Umber Singh is a Sikh who loses everything during the separation of India in 1947 and is forced to leave his homeland. He obsessively wishes for a male heir. When his fourth daughter is born, he decides to wage a fight against destiny.
In a north Indian village, a family reunites at their ancestral house to celebrate a new birth in the family. It's a joyous, carefree occasion. Over the next two decades, through festivals ... See full summary »
During the 1947 partition of India, Umber Singh and his family are forced to leave their village. After two girl children, his wife gives birth to a third girl child as they flee their village much to the displeasure of Umber Singh. After moving to a new place, Umber stabilizes and his wife is pregnant again. While the fourth child is also born as a female, Umber convinces himself and his wife to raise the girl child as a son throwing up complications aplenty.Written by
What if you were the prisoner of desires? What if your construction was nothing but a quicksand of lies? All you gain is a house of cards. A ghost, so lonely by the defeat of his realism walks down the Punjab territory. Alas, the land gets bisected by a border, so violent! Such is the tale of Tillotama Shome's Kanwar being morally stabbed behind the curtain of sexuality. Anup Singh's Indian-German film 'Qissa-The Tale of a Lonely Ghost' is a cinematic sensation that goes down deep into your subconscious.
In the hour of Partition, a Sikh resident of the now Pakistan seeks shelter in Punjab, India with his wife and three not so desired for daughters. Thus is what Irrfan Khan's Umber Singh, wishing for a boy out of Mehar's (Tisca Chopra) womb. When the fourth daughter is born, he persists on bringing her up as a son. Kanwar, in disguise of a son prepares herself as a boy. An adolescent love gets injected in the form of Neeli (Rasika Dugal) followed by a marriage. The beginning of a new relationship calls for the end of what was so far a sexual illusion.
Director Anup Singh does true justice in maintaining the patience of being brave as he successfully makes the non-chronological phantasm work in a meter of realism as well as surrealism. The second half of the story takes a sudden realistic turn as it is revealed in the posters of the film. If realism is the false fall, surrealism gives the definite land in the plot.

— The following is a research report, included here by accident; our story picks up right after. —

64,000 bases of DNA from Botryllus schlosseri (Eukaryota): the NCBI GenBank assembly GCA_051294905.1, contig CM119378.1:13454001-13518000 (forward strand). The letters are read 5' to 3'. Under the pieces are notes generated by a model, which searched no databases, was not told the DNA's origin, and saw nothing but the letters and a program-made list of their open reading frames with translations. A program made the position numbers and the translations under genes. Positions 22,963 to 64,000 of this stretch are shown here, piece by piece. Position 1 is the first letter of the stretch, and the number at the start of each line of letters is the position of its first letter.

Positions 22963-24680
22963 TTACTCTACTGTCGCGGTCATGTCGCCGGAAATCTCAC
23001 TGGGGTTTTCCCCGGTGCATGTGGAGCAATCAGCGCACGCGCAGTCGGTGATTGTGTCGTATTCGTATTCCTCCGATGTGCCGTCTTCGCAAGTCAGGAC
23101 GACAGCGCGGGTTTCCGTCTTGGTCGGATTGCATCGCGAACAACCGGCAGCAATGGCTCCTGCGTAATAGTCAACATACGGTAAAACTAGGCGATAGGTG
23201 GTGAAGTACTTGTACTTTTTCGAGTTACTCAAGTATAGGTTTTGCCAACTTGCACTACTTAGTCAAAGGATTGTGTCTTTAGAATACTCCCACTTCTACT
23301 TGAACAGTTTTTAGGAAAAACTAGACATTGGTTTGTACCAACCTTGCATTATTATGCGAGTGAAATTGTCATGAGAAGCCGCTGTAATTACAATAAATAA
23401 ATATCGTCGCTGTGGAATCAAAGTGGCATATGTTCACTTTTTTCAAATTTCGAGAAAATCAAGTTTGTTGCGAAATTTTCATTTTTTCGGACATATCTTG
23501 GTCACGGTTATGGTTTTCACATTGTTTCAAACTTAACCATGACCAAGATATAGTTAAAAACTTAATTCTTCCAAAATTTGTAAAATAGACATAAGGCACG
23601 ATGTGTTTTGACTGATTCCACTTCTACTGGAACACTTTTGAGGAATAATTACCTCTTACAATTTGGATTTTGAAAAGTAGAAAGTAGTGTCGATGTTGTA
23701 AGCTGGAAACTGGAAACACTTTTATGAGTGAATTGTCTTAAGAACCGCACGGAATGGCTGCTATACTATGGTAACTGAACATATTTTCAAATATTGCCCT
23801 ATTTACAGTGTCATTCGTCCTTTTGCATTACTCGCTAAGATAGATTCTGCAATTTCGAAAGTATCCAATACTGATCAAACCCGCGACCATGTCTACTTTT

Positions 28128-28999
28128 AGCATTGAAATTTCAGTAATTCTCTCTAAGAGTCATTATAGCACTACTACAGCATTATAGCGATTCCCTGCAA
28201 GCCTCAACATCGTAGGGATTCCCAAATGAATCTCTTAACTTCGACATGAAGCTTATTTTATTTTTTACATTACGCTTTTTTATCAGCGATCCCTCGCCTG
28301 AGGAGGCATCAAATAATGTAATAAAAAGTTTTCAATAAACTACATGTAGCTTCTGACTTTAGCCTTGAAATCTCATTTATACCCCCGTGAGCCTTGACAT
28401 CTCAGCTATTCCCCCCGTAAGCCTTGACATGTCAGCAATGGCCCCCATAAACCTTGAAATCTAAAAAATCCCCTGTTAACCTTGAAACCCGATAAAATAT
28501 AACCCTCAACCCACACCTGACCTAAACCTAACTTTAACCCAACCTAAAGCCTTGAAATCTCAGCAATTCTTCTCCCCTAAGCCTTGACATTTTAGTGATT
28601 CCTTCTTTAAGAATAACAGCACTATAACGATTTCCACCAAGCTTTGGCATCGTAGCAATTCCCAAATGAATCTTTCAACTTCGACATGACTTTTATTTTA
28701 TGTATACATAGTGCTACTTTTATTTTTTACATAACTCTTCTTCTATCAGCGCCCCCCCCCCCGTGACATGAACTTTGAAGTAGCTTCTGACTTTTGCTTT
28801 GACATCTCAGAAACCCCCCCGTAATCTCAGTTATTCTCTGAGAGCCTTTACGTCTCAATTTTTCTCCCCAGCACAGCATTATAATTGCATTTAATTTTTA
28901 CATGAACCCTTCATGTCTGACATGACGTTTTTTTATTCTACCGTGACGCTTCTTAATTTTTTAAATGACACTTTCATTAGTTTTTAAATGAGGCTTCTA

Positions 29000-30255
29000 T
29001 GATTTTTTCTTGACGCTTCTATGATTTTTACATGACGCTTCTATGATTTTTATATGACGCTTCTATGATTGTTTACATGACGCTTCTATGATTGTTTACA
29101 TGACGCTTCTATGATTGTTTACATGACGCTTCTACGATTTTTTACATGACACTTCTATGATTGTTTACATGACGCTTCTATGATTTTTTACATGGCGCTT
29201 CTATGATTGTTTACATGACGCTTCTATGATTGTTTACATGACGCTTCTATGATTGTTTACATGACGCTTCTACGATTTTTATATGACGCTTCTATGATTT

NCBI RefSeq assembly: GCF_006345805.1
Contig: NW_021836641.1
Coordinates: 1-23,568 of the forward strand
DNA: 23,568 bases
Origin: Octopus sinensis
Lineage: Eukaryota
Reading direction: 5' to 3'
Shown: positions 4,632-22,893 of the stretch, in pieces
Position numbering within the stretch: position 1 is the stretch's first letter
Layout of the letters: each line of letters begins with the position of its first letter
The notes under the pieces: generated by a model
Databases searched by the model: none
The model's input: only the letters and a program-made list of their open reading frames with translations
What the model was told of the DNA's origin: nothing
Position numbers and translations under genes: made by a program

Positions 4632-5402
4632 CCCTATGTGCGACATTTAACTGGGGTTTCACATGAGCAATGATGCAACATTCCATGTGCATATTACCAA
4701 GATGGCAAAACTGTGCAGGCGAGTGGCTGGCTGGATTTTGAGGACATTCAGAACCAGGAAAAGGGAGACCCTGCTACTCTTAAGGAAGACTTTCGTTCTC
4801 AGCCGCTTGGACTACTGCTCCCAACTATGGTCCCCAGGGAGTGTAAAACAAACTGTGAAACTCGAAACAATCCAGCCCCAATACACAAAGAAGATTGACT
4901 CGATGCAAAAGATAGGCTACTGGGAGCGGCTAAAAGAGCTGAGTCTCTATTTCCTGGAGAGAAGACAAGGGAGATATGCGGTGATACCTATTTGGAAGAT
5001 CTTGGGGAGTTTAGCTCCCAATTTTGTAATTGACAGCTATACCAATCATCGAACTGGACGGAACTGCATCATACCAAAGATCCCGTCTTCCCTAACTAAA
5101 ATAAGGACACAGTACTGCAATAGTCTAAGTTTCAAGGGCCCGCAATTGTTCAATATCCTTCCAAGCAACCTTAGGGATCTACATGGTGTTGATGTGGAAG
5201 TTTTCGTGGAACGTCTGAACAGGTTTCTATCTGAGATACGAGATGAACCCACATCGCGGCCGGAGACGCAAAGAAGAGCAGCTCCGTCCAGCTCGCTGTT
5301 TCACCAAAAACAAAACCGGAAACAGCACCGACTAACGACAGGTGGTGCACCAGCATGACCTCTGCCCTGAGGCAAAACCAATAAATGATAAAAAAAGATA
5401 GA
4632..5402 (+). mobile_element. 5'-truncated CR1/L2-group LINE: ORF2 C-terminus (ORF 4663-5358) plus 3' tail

With the evergreen brilliance of Irrfan Khan, the acting has reached a summit of what one can hardly comment about. The soliloquy presented to the dead sands is like a perpetual cycle of fate that cries in the tone of,"Naa aadmi, naa aurat. Naa jeev, naa pret." Tillotama Shome, famous for her serious portrayals has once again nourished the excellence of her virtue. With an innocent boldness and an intense artistry, her character is like a flame, the delusion of which stays on even after it gets extinguished. Tisca Chopra and Rasika Dugal has also contributed their magnificence in sculpting this master class.
A warm tone cinematography throughout the film along with the immaculate sound mixing has successfully provided for balancing the tension with the 'what happens next' feeling. A well edited synchronization with the proper synthesis of music has given the film a strong circumference.
The audience leaves the theatres with some serious question marks haunting their grey scale. The well cooked delicacy of a sexually exposed Kanwar with the fog of Neeli's existence is the best abstract that gets nailed into your brain. The posters came out with a Mira Nair quote terming the film as a "masterpiece." 'Qissa-The Tale of a Lonely Ghost' is not a onetime watch. Watch, leave and watch again
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